Take the 2-minute tour ×
Stack Overflow is a question and answer site for professional and enthusiast programmers. It's 100% free, no registration required.

Trying to assess the performance gain from an embedded architecture I tried to search for the number of floating point multiplies that can be performed in a cycle on a single core of the Core 2 and Core i7 architectures, but could not find a quick answer to that. Unfortunately I am not familiar with the ISA so I cannot tell that from looking at the respective instructions. I assume it would be some kind of a SIMD instruction. Any idea?

share|improve this question

1 Answer 1

up vote 3 down vote accepted

One thing: Core 2 is not Intel's latest architecture. That would be Sandy Bridge.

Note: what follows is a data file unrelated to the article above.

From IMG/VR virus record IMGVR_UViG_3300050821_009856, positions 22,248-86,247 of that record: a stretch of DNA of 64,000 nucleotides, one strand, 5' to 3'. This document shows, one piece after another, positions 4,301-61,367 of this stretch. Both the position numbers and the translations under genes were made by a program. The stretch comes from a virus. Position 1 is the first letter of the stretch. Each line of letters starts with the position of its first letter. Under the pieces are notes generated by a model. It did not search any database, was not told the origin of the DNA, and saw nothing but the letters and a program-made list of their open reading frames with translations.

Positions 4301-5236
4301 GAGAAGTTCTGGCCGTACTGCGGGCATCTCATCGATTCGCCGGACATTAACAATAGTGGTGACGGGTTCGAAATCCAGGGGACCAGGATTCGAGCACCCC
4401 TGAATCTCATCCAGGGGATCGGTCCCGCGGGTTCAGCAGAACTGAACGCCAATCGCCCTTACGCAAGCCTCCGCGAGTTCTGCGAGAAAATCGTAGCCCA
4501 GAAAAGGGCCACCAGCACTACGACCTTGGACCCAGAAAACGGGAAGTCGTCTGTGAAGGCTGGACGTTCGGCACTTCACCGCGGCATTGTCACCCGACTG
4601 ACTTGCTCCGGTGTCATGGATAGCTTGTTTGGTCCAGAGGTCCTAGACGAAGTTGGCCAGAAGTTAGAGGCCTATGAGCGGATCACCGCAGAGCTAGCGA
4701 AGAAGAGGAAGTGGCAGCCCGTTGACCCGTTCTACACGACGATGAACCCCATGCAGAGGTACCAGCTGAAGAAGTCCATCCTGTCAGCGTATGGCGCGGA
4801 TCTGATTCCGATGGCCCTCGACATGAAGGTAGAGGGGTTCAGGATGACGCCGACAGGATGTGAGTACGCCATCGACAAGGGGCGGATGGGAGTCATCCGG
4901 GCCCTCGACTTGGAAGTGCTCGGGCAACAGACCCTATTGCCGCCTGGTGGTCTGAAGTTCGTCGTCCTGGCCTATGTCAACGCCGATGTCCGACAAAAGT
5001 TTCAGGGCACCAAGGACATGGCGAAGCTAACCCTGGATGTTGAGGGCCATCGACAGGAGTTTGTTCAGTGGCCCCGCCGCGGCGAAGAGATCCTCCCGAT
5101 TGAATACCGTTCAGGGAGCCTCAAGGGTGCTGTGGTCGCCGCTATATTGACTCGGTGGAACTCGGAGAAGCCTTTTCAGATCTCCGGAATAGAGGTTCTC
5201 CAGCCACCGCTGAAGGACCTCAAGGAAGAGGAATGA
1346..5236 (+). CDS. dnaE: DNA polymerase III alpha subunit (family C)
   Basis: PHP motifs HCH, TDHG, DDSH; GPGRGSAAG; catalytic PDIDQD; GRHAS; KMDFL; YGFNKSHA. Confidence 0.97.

Core 2 and Core i7 Nehalem, can sustain 1 SSE multiply/cycle. Each SSE instruction can handle up to 4 single-precision or 2 double-precision. So that's 2 DP or 4 SP floating-point multiplies per cycle.

Core i7 Sandy Bridge can sustain 1 AVX multiply/cycle. AVX is double the size of SSE. So that's 4 DP or 8 SP floating-point multiplies per cycle.

share|improve this answer
    
Thanks for the correction. Just shows how off-the-market I am these days... –  ysap Nov 11 '11 at 1:45
    
Is it safe to assume that current AMD processors offer the same performance? –  ysap Nov 11 '11 at 1:56
    
Correct. I think all AMD processors since the K10 architecture have had the same SSE throughputs. (1 SSE multiply/cycle) For the new Bulldozer architecture, it's a little more complicated than that due the shared FPU between each "Bulldozer Module". –  Mysticial Nov 11 '11 at 1:59

Your Answer

 
discard

By posting your answer, you agree to the privacy policy and terms of service.

Not the answer you're looking for? Browse other questions tagged or ask your own question.